From its modest origins six years ago the Festival – aka ‘Oxjam Takeover’ – has grown to be the biggest of Oxjam’s forty-odd festivals around the UK, raising a record-breaking £17K for Oxfam. For 2016 we have a Team of volunteers – some experienced Oxjammers, some new – who have already got a plan of events that we’ll tell you more about in the coming weeks. So get your diary out. Here’s how it looks so far:
- Wednesday June 8 – official ’Beeston Oxjam Launch and Music Quiz’ at the White Lion;
- Saturday July 2 – ’Oxjam Unplugged’ – Middle Street Resource Centre (a new Oxjam venue but easy to get to by tram or bus, which stop outside, or just a five minute walk from the Interchange) – with licensed bar;
- Friday 16 September – ‘Oxjam Introducing…’ (Under-19 performers) – venue tbc;
- Saturday 24 September – ’Oxjam Ceilidh’ – venue tbc
- Saturday 15 October – Oxjam Takeover’ – venues and artists tbc
- Saturday 12 November – ’Classical Oxjam’ – Beeston Parish Church.
For details of the above as they become confirmed – and more events – check our Facebook page and website (oxjambeeston.org). Tickets for some events will shortly be on sale from Oxfam Books and Music in Beeston or online from wegottickets.com (10% booking fee).
We are also looking for volunteers who could help with any aspect of the Oxjam Music Festival, from artists’ liaison to publicity to general helper. If you’d like to know a bit more, email firstname.lastname@example.org and we’ll get back to you.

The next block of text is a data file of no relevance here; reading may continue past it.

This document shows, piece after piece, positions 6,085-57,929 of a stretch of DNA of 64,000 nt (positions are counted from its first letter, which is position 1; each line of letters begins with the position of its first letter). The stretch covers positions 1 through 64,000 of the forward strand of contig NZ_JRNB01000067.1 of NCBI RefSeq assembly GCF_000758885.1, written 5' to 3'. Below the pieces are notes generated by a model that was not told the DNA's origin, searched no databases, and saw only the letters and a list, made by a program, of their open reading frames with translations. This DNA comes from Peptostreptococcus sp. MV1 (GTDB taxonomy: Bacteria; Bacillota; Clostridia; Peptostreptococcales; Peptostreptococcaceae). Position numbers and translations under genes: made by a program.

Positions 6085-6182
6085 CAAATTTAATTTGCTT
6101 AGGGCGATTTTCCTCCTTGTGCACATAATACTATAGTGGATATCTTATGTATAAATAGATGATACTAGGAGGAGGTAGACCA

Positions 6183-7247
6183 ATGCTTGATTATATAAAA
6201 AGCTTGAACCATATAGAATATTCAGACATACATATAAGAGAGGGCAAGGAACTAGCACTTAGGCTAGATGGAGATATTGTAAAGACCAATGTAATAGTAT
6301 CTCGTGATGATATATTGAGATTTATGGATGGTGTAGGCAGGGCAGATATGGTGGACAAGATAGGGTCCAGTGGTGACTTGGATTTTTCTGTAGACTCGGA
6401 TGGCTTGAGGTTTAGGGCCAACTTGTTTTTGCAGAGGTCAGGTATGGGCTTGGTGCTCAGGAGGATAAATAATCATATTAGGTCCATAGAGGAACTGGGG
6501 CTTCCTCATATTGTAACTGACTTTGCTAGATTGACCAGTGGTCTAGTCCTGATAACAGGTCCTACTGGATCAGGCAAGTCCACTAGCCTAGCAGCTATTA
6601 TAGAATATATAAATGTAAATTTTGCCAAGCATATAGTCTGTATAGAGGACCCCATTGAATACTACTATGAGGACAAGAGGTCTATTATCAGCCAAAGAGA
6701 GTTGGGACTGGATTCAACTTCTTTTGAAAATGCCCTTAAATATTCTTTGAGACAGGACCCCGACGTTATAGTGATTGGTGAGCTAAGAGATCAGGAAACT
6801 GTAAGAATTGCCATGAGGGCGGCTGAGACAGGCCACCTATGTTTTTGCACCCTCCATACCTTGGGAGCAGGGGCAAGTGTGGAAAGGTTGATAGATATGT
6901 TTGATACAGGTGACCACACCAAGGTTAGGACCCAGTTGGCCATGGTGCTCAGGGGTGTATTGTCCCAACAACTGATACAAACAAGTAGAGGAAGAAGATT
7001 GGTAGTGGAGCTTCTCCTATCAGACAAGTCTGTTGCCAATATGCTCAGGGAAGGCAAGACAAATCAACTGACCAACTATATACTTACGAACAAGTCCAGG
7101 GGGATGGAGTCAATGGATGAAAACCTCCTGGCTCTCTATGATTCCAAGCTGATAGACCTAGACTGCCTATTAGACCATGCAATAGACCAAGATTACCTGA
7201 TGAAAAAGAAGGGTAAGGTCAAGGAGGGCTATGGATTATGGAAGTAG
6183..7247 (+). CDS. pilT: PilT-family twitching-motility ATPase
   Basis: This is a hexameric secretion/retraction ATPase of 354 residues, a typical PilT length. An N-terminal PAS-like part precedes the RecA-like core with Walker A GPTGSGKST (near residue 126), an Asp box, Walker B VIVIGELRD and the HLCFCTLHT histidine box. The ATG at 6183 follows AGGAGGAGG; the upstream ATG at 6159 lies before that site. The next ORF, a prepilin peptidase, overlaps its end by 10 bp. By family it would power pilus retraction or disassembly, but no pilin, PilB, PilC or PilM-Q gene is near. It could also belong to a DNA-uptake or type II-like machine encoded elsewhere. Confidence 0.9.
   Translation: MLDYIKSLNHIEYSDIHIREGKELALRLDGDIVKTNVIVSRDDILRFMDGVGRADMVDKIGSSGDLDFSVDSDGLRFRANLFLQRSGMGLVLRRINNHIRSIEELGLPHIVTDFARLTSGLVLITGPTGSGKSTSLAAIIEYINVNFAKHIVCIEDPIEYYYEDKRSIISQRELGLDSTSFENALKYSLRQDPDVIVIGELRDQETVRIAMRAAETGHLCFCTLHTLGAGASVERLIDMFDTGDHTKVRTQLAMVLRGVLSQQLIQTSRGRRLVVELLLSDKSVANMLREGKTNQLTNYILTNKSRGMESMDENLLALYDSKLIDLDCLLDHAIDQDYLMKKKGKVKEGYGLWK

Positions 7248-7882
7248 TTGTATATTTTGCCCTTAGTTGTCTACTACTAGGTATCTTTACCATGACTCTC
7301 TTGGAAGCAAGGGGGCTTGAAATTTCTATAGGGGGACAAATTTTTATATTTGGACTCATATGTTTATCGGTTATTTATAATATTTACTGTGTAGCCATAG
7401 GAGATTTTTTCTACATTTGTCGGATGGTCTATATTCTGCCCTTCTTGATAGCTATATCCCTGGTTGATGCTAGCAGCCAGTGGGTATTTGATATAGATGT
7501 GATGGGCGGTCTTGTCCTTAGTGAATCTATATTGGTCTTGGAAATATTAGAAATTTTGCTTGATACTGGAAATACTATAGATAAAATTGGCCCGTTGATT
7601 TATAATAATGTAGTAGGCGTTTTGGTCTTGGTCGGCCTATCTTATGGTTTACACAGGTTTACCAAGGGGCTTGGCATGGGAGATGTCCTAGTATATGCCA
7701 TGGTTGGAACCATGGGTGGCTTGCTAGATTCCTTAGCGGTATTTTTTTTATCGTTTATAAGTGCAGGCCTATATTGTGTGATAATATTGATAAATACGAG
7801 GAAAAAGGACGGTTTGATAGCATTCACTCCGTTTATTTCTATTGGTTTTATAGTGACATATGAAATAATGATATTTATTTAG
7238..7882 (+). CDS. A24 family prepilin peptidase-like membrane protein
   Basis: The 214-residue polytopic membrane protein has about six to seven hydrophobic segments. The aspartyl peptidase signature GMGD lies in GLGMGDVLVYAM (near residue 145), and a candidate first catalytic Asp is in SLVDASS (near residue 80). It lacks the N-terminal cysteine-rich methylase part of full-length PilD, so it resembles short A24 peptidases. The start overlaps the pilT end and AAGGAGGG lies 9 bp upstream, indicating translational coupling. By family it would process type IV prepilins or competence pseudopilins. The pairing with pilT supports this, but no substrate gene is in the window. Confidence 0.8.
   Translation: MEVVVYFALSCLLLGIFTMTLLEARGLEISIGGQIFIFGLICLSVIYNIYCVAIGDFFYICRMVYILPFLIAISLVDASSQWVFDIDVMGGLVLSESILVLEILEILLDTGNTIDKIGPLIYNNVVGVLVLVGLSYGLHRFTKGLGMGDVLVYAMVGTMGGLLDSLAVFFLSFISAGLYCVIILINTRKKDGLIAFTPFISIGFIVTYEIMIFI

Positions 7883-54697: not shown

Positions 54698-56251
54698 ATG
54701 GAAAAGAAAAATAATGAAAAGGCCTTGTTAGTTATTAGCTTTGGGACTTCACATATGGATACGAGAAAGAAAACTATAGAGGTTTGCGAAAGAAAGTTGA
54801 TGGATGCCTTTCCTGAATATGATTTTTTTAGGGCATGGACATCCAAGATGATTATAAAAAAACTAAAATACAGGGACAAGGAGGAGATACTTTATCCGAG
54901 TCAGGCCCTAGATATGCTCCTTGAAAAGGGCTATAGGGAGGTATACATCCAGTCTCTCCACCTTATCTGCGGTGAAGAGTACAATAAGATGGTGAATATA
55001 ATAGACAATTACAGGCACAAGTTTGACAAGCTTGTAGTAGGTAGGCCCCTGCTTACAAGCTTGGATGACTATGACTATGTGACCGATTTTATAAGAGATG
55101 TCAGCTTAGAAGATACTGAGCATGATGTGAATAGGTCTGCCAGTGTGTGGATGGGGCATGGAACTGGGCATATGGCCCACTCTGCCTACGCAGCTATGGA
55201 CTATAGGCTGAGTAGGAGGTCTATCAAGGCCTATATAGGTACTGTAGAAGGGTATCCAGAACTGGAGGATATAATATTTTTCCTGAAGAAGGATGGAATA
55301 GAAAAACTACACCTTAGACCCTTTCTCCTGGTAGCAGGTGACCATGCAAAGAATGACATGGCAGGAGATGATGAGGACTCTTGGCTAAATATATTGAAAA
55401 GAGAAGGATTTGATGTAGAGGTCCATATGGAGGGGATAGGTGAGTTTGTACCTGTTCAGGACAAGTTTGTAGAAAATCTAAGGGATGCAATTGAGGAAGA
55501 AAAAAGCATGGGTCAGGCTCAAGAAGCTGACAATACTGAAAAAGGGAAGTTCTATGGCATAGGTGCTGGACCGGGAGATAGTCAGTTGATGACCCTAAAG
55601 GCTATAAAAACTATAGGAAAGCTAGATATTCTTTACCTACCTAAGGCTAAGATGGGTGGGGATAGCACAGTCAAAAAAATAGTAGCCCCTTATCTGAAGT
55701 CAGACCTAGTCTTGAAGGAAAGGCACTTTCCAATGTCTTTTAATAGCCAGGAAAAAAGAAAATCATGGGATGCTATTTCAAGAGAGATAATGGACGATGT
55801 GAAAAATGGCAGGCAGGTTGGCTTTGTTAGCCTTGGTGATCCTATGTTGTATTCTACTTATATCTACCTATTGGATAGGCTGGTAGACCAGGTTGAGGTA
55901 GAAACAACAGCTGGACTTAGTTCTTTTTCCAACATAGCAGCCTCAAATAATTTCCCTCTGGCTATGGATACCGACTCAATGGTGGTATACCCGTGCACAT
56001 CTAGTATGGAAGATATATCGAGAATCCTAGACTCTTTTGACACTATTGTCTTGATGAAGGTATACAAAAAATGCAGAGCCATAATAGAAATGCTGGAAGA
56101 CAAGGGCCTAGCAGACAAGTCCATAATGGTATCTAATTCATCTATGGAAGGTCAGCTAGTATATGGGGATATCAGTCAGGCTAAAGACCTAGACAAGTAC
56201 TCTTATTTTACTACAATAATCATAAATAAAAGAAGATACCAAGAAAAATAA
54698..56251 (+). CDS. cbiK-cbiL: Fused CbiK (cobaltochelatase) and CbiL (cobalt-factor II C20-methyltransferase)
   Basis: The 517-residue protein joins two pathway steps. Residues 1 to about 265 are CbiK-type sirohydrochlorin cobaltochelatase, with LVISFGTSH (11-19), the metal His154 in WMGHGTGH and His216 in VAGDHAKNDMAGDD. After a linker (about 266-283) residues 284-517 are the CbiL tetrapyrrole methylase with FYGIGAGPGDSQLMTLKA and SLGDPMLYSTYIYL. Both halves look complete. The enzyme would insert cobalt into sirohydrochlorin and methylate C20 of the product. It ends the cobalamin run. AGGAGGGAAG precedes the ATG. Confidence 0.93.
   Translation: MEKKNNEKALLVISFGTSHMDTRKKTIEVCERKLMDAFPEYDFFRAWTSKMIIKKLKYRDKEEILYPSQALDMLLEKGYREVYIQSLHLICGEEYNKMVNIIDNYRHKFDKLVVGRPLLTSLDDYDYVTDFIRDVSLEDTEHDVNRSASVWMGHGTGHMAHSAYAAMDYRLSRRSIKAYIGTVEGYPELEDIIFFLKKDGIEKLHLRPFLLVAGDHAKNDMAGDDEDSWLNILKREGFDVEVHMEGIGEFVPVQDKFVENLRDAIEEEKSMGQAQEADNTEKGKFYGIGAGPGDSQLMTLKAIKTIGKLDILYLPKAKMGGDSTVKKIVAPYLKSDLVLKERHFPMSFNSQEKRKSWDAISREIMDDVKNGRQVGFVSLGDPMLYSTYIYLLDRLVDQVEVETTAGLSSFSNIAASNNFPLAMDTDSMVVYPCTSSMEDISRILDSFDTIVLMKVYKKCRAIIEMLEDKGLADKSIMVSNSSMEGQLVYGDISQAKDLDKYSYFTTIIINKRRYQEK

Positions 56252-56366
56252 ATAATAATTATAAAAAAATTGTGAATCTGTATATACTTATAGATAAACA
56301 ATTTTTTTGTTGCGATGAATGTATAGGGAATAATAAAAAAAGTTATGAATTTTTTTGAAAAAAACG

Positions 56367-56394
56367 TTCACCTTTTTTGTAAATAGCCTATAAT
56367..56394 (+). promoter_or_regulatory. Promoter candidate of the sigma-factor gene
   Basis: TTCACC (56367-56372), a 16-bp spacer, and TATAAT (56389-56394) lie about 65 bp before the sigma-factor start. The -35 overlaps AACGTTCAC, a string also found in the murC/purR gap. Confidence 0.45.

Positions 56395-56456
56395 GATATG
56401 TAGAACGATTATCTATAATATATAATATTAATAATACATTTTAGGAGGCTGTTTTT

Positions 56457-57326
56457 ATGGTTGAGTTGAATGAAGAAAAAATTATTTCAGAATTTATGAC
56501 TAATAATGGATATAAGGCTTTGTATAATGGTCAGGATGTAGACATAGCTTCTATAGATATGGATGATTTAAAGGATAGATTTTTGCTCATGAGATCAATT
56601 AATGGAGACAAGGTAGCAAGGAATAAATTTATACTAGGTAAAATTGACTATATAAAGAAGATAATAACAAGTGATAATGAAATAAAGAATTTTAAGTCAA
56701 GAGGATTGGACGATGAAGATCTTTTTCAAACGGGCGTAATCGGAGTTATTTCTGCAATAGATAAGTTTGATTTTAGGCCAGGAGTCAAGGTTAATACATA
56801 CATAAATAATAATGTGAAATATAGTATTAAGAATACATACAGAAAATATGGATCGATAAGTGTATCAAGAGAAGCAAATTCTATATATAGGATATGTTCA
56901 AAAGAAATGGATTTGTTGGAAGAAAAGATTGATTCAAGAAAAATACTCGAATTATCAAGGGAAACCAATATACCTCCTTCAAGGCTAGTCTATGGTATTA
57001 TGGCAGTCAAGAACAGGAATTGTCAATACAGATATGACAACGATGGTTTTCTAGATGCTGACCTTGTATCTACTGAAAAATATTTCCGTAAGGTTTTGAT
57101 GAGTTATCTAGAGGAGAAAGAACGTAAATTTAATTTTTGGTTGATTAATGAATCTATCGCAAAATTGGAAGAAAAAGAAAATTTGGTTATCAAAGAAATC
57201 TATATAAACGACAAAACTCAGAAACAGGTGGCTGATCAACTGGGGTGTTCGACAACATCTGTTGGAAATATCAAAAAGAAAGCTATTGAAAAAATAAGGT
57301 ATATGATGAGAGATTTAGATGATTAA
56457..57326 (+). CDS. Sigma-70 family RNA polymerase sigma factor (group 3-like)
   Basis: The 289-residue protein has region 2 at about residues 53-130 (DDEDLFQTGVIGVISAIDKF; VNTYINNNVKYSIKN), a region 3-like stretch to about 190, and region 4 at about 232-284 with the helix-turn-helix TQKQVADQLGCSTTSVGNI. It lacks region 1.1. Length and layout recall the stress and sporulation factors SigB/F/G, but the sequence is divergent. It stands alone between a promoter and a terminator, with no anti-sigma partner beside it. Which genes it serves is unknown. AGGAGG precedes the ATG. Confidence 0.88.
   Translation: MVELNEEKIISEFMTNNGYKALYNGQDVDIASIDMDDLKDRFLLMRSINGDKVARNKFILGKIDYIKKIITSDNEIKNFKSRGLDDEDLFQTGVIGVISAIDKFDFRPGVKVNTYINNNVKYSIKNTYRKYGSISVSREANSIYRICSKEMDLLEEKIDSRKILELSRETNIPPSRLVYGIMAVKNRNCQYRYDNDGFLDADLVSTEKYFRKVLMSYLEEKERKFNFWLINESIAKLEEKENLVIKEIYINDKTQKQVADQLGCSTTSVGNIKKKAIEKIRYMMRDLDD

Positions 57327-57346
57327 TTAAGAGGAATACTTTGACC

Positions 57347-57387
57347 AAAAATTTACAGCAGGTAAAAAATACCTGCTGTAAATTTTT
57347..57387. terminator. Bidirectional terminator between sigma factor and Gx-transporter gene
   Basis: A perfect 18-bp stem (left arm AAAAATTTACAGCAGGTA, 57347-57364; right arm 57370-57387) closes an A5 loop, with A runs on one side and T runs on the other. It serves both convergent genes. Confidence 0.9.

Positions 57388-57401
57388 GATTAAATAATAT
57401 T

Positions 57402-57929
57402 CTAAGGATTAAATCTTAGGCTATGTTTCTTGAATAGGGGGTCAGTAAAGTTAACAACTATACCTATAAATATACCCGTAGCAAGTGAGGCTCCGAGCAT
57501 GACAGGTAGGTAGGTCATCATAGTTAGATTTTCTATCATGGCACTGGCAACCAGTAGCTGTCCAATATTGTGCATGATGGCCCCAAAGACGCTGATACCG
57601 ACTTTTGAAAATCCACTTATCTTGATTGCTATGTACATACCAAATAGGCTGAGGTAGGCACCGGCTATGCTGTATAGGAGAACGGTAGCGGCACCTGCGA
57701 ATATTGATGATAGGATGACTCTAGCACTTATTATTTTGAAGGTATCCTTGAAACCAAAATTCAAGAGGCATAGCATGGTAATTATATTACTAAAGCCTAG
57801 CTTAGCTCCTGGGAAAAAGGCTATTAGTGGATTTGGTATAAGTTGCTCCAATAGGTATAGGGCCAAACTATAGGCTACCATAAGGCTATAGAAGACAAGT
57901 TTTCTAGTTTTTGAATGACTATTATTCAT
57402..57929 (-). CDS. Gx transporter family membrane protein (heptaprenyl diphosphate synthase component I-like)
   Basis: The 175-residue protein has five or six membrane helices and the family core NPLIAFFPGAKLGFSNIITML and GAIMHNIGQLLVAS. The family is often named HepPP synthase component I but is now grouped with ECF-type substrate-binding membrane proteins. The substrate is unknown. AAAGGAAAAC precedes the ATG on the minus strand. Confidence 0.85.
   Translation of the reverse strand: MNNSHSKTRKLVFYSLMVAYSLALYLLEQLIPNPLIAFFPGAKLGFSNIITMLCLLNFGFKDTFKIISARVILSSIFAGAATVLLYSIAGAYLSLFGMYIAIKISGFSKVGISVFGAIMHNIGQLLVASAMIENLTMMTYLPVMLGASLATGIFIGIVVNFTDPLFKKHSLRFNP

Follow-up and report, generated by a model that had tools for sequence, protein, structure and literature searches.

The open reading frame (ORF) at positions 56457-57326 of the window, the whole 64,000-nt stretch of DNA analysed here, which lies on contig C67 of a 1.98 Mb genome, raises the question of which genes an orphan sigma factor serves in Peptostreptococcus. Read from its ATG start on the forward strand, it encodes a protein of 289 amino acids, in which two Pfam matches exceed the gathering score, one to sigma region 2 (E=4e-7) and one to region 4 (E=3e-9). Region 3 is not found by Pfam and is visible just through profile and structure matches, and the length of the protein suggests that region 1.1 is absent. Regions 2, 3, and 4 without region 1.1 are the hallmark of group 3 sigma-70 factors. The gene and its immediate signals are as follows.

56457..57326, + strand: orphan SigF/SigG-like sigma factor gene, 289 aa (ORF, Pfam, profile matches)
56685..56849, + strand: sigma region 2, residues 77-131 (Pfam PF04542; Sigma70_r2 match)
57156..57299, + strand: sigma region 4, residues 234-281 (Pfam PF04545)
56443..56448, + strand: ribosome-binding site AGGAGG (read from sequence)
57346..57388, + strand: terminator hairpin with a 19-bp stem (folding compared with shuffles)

It’s barely six months to go and only a few weeks to our launch event/pub quiz.
The last Beeston Beats featured a promise by myself to root out all alternative music, a vow that led me to the ‘Boat and ‘ossess’ (horses) down on Trent Road in the Rylands.
Previously I have only ventured ito this establishment very rarely, with prior outings to the Degeneration festival last year and again more recently for a fantastic Sunday dinner (now sadly not available).
Within moments of stepping in the venue something didn’t quite seem the same, a change in atmosphere lingered in the air and then it hit me; the strong character of previous landlord Peter was missing, with him venturing off to pastures new. His dynamic and friendly personality added a quality to the ‘ossess that made strangers feel immediately welcome.
Hosts aside, the music element still remains, with the pub’s weekly open mic night every Thursday alongside a guest spot at 10pm for an assigned band/act.
Catching my interest was a four piece group called Foreign Accent who were due to perform the late spot: a Hungarian folk band on a U.K tour covering local venues across Nottingham – The Maze, Surface Gallery and Running Horse.
Within moments of their starting I was utterly entranced. Their beautiful sound consisted of an infusion of violin over plucked acoustic guitar, twinkling keyboards alongside a hauntingly emotive vocal.
Even the subject matter of the songs was deep and meaningful with verses based on poems such as ‘Prayer after war’ inspired by the work of Endre Ady, telling the tale of an ex soldier trying to make peace with himself after war.
There was also a rendition of English folk ballad ‘Scarborough Fair’ followed by an Indian folk song ‘Vasudevaya’. ’Blue violet’ is based on a Hungarian folk song about a small flower asking for dewfall as a broken heart seeks love – the majority of mainstream modern pop music lyrics just fade in comparison.
The night was soaked in enchanting melodies, making it impossible to be occupied in anything else going on at the time. As for the next stop in my random music adventure, who knows where I will end up? This, was an amazing place to start, though!
Unruly music fiend seeks company and fellow companions for
Gigs and adventures must be a tiddly bit crazy and partial to coffee
and chocolate hobnobs